Q So is it best to hold onto the rider or the grab rail?
A It depends on the the pillion's preference and experience, and the type of bike. Whichever they choose, it is important they feel relaxed and comfortable, and vital that they do hold onto something on at all times.
If the passenger is confident enough, and the bike has a decent grab rail, then holding that is my preferred option. It detaches the passenger from the rider which may be less confidence inspiring, but it allows a more rigid and stable position for the passenger to deal with both acceleration and braking. The passenger also has more room, and with a better view past the rider, is more likely to be ready for braking, accelerating or cornering.
But if they have never been on a bike before, my preference is for them to hold on to the rider, around the waist of the rider. However, it may not be that easy to grip a riding suit if the rider accelerates, and under braking the rider will be supporting the passenger's body weight. It also has the drawback, depending on the bike, that they may not be able to see what is about to happen as they will be close to the rider.
Better yet, the rider can wear a 'body belt' with a pair of handles. The belt may not be elegant but it's confidence-inspiring for the novice passenger under acceleration, and helps ensure they move with the rider during cornering, and gives them some way of bracing themselves against braking too. Gripping tight with the thighs can help and gives you some feedback from the pillion.
Some people recommend what I've heard called the "brace" position, with one hand on the grab rail and the other bracing in front either on the tank or the seat. I've not tried this personally, so I'll leave it up to you to try.
If there's one position to be avoided it's advising the passenger to rest both hands on the back of the tank. There's absolutely nothing to stop the rider falling backwards under acceleration, and this is exactly what happened to Brittany Morrow. Look her up on internet. I've worked with her on the New Zealand Shiny Side Up rider safety initiative and she's a brave and inspiring woman.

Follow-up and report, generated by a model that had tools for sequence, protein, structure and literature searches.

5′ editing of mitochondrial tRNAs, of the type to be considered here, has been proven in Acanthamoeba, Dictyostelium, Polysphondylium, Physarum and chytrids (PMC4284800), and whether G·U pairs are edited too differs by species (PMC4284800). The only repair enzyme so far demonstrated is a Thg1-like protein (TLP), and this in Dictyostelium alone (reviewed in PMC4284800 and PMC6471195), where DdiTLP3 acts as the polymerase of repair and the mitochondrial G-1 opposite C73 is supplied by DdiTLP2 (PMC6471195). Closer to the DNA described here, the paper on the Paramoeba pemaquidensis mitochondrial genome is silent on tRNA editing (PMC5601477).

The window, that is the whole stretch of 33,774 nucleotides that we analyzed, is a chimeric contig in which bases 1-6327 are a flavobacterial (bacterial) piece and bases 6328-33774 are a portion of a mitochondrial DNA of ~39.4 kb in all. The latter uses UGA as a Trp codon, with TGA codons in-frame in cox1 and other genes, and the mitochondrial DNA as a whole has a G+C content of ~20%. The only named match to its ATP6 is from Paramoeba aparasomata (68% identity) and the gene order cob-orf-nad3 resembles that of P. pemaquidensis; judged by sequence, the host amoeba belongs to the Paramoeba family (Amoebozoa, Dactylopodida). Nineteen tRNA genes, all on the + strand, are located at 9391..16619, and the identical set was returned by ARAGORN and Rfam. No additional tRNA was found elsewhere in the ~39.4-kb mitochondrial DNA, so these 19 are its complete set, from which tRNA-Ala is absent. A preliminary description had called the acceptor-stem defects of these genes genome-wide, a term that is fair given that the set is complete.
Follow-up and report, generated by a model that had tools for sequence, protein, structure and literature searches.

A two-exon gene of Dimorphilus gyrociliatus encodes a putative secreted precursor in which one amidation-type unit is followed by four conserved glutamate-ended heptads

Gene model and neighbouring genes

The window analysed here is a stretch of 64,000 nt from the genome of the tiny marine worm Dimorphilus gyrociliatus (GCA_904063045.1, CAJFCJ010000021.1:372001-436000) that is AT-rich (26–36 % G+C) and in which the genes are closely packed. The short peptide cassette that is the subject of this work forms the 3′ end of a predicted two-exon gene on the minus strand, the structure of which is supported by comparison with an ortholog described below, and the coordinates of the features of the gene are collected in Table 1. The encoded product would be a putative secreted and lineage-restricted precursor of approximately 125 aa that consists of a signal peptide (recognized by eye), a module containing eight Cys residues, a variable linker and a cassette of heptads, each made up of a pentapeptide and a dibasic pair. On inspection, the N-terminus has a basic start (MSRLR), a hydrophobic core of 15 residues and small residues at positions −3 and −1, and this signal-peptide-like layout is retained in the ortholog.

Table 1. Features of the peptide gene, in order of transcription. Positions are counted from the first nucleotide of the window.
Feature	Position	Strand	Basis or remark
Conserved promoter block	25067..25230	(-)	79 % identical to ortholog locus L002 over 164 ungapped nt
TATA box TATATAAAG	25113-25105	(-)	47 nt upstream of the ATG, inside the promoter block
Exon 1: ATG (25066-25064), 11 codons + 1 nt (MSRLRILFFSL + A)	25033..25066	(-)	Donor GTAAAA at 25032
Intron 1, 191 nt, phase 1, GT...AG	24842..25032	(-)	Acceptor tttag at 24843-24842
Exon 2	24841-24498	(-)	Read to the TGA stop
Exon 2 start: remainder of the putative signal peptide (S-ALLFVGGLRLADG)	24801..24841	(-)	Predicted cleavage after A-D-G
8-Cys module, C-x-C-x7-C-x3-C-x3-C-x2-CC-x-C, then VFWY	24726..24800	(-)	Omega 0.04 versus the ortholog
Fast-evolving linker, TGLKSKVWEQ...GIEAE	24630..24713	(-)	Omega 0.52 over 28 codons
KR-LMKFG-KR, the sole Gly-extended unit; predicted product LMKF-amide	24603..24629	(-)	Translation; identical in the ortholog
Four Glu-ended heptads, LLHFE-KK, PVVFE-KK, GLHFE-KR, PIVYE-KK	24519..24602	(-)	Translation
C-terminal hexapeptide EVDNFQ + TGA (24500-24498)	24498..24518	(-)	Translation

Q Anything else before we set off?
A Explain that on acceleration they will tend to fall backwards, and under braking will slide forwards. Tell them that the bike does lean over, so they are not taken by surprise. You'd be amazed how many new passengers have never thought about that. Explain that in a corner, the rider will balance the bike, and all they need to do is relax and stay in line with the rider - and specifically warn them not to sit upright in a bend - most novice passengers do, so be ready for that. To help the passenger to feel more connected with the rider, tell him/her to look into the turn. All this might sound like a recipe to scare them, but it's a damn sight scarier for a new passenger when the bikes starts moving and they don't know what to expect.
Next, tell them how to get on. It may be possible to mount from the left simply by swinging the right leg over the seat but if there's luggage on the bike or the passenger isn't very tall, then they will have to mount the bike as if they were riding a horse - they will need to put their left foot on the left peg and stand on it, before swinging their right leg up and over the seat. They can place a hand on your shoulder for support but brace yourself in anticipation. It's easier if the bike is upright and not on the side stand, but watch out for their weight rocking the bike from side to side - a heavy rider can exert quite a surprising force. Make sure they get on and off only when you tell them to. They should wait till you are ready, seated with your feet firmly braced, and ready for them. And yes, I have had a passenger try to climb on before I did.